Today’s first prayer is attributed to St Teresa of Avila, the great Carmelite reformer and nurturer of St John of the Cross, though it is not found in her writings and was probably actually written by Mark Guy Pearse and Quaker medical missionary Sarah Elizabeth Rowntree. (Thanks Teri Petersen for pointing me to this article that explains). However it is such a beautiful prayer that it definitely needs to be part of our Lenten collection.
I have always found inspiration from the lives of those who have gone before. Their footprints provide places for me to stand and words and prayers encourage and strengthen me as I too seek to move forward into the ways of God. It seems appropriate that we celebrate the lives of some of these women during this season of Lent.
Teresa of Avila is one such person. In her classic The Interior Castle she says: “Let nothing disturb you. Let nothing frighten you. All things pass. God does not change. Patience achieves everything.” I have decided to add this book to my Lenten reading as I guiltily realized yesterday that there are presently no women on my list and yet much of my inspiration comes from women.
In many ways Teresa of Avila was a very ordinary person – struggling with some of the same life challenges we struggle with today. But out of that struggle came a rich inner prayer life that continues to inspire many today.
Here is one of my favourites of her prayer/poems. Read it through several times. Listen to the beautiful musical rendition at the end of the post. Allow their truths to take root in your heart. As you read this prayer and listen to the music may you too consider what action God may ask of you as a result of reading and meditating on them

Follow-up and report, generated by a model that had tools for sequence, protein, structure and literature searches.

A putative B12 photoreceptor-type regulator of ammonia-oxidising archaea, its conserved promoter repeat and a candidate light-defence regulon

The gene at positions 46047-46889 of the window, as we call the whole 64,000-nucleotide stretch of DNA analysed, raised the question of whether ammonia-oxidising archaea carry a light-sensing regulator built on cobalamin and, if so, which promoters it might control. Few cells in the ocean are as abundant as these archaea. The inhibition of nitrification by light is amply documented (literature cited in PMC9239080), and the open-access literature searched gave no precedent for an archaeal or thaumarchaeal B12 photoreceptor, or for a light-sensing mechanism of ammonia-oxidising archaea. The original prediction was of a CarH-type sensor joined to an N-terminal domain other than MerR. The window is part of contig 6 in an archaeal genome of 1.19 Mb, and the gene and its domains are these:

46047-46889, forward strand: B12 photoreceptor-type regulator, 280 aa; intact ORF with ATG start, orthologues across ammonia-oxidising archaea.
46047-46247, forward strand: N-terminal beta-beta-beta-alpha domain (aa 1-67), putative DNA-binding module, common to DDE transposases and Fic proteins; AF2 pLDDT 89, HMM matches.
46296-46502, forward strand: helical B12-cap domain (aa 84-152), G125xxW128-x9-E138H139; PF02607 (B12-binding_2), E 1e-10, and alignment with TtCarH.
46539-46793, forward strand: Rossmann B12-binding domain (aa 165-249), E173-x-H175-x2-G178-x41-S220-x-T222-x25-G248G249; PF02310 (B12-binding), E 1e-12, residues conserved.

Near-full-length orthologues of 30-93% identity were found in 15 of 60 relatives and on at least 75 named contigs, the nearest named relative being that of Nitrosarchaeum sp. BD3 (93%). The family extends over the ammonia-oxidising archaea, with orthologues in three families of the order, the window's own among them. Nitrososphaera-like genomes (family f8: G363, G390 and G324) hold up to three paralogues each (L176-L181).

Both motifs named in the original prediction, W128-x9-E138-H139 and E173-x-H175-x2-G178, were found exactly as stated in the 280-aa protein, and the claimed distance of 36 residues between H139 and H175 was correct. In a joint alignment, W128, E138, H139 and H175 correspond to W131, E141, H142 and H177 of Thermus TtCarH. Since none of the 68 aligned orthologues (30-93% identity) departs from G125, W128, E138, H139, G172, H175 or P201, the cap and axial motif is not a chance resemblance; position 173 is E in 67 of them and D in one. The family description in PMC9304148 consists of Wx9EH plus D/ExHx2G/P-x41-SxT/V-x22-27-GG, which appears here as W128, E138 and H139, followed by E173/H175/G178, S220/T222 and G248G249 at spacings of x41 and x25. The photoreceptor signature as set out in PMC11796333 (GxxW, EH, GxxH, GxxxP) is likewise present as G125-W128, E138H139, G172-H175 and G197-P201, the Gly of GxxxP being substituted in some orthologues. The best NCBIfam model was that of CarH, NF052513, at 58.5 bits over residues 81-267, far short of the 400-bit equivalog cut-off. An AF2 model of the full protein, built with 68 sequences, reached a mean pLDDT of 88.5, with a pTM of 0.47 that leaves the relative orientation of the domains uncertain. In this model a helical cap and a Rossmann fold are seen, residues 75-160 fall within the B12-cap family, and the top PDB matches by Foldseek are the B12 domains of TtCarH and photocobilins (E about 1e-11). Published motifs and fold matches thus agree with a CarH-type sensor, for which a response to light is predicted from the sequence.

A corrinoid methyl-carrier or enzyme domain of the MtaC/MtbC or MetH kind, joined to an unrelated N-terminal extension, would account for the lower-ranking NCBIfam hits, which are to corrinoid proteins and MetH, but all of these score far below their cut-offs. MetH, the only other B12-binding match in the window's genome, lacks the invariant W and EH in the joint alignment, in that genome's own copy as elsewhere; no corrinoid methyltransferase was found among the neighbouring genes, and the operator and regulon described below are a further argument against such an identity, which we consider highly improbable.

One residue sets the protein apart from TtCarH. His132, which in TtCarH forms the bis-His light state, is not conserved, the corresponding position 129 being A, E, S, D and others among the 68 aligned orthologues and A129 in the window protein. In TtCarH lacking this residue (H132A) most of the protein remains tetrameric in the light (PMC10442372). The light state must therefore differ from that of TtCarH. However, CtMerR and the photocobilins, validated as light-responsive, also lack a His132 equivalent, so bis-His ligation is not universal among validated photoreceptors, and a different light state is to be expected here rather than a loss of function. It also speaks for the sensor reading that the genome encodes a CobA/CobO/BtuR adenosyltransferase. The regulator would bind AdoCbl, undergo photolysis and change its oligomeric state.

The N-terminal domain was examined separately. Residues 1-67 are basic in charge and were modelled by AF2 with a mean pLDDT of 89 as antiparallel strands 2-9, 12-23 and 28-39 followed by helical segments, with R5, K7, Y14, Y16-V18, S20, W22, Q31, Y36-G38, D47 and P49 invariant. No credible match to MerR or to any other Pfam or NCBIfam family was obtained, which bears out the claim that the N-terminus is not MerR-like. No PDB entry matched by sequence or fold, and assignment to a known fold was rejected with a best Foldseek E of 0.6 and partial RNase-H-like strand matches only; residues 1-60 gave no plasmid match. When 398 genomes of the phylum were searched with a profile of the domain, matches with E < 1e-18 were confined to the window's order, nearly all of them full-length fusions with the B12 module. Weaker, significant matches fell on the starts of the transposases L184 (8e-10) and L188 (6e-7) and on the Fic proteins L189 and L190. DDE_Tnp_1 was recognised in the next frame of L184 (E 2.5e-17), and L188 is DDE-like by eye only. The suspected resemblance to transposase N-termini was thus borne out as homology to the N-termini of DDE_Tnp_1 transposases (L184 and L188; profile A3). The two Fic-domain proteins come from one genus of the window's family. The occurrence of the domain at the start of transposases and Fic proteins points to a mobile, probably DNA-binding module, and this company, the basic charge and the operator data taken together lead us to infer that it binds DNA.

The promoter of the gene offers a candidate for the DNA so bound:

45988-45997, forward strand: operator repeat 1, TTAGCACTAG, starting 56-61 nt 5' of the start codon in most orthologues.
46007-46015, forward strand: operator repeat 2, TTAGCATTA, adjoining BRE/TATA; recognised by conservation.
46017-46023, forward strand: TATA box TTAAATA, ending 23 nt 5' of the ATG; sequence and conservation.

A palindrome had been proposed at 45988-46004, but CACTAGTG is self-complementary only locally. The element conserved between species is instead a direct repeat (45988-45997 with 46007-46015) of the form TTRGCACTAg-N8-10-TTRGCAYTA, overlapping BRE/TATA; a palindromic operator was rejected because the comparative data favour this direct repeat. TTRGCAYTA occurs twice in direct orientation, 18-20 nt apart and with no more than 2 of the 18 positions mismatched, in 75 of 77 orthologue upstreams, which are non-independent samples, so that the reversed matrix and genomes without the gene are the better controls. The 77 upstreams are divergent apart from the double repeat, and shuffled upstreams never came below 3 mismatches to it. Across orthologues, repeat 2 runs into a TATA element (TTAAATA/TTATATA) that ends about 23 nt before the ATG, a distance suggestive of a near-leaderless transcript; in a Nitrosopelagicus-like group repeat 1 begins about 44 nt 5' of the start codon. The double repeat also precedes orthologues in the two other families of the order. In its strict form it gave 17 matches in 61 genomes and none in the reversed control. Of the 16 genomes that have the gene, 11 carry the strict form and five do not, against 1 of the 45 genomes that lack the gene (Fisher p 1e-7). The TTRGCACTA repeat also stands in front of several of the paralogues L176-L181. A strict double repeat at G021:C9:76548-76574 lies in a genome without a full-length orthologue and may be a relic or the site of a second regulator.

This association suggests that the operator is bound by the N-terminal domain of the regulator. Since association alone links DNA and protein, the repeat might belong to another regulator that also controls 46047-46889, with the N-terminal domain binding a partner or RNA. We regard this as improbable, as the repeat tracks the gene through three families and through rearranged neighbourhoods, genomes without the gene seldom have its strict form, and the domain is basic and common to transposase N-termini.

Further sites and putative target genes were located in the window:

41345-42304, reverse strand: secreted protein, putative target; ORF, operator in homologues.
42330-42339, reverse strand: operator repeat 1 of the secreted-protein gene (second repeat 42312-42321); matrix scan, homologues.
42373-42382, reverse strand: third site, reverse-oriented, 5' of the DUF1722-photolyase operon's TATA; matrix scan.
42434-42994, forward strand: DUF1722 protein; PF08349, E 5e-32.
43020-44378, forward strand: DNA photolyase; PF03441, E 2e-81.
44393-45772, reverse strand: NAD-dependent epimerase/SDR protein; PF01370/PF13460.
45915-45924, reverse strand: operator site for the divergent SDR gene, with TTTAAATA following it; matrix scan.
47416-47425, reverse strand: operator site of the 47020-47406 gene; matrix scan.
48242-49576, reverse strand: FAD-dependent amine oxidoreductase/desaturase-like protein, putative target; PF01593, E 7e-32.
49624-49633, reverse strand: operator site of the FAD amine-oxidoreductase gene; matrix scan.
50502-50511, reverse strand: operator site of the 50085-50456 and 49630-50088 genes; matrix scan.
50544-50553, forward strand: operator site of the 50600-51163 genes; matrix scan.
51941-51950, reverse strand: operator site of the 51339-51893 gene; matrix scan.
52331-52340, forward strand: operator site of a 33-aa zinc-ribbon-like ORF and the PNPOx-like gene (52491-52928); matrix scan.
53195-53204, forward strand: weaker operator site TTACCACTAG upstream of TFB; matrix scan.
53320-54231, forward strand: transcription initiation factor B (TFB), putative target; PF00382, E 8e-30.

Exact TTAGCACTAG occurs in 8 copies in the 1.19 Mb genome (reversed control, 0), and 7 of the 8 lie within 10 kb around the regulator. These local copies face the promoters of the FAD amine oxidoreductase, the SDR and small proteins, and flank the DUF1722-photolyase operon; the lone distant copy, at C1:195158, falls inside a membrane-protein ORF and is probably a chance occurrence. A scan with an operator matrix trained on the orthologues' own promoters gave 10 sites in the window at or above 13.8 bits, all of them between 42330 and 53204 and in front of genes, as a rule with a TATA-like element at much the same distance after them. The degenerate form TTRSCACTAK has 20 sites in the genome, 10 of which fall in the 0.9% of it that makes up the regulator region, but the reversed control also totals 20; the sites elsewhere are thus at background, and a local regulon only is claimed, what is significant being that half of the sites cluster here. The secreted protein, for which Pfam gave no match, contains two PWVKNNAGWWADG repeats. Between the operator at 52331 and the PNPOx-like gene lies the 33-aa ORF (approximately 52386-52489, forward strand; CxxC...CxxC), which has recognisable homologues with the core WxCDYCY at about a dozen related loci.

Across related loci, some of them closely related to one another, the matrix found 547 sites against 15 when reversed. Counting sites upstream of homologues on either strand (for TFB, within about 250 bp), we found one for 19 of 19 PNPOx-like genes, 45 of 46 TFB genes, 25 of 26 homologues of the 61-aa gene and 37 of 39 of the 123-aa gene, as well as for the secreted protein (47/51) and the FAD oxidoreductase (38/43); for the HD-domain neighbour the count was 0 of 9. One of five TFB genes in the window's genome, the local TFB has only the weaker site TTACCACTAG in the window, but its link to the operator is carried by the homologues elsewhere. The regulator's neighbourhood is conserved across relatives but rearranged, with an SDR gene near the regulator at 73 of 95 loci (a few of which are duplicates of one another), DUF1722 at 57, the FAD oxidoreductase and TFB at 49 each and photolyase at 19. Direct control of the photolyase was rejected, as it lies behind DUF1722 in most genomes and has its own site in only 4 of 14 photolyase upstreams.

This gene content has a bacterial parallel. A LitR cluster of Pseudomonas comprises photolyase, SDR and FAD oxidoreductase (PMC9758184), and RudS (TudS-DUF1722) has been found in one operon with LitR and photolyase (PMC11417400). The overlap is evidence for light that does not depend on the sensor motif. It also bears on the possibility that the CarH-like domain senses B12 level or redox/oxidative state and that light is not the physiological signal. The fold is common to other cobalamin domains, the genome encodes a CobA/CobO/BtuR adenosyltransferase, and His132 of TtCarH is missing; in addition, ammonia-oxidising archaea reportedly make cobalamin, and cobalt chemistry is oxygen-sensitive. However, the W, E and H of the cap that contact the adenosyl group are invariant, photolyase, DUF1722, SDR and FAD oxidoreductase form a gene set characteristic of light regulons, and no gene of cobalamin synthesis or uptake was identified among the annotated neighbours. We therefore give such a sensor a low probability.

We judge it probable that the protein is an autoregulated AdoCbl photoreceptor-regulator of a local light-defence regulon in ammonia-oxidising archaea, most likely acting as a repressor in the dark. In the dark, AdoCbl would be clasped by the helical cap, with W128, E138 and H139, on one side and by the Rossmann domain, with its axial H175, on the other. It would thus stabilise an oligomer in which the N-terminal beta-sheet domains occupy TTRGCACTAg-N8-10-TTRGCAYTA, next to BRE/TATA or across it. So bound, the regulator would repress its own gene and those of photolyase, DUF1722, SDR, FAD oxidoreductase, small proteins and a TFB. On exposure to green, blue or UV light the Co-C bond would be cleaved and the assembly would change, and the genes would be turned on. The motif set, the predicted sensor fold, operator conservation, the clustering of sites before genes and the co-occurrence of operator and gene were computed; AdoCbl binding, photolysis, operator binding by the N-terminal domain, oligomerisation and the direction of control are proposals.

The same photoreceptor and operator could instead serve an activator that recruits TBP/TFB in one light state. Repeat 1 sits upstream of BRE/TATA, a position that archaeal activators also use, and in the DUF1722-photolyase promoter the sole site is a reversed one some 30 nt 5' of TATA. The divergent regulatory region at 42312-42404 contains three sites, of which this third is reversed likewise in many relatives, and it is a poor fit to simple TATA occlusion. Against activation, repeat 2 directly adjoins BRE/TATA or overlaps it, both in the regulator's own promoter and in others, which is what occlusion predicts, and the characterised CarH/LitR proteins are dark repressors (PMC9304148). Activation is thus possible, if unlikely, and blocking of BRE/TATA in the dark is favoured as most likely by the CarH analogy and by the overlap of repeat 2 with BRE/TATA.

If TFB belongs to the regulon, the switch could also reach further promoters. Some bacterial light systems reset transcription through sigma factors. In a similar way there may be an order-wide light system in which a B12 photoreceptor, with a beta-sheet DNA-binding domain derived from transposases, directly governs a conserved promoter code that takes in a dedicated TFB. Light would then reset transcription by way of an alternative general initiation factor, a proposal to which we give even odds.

“Christ has no body now, but yours.
No hands, no feet on earth, but yours.
Yours are the eyes through which
Christ looks compassion into the world.
Yours are the feet
with which Christ walks to do good.
Yours are the hands
with which Christ blesses the world.”
Music by David Ogden
This second prayer IS from Teresa of Avila’s writings – Enjoy.
your kindness melts my hard, cold soul.
your beauty fills my dull, sad eyes.
Teresa of Avila (1515-1582)
Photo: By Peter Paul Rubens – Kunsthistorisches Museum Wien, Bilddatenbank., Public Domain, https://commons.wikimedia.org/w/index.php?curid=5096194
The “no hands but yours” is very un-Teresa-esque, though it has been mis-attributed for years. It appears to actually be the work of Methodist minister Mark Guy Pearse and Quaker medical missionary Sarah Elizabeth Rowntree. More info here: http://mimuspolyglottos.blogspot.com/2011/11/whose-hands-another-possible-case-of.html.
LOVE that second prayer a lot–thank you for posting it!
Thanks Teri for this information. It is good to know.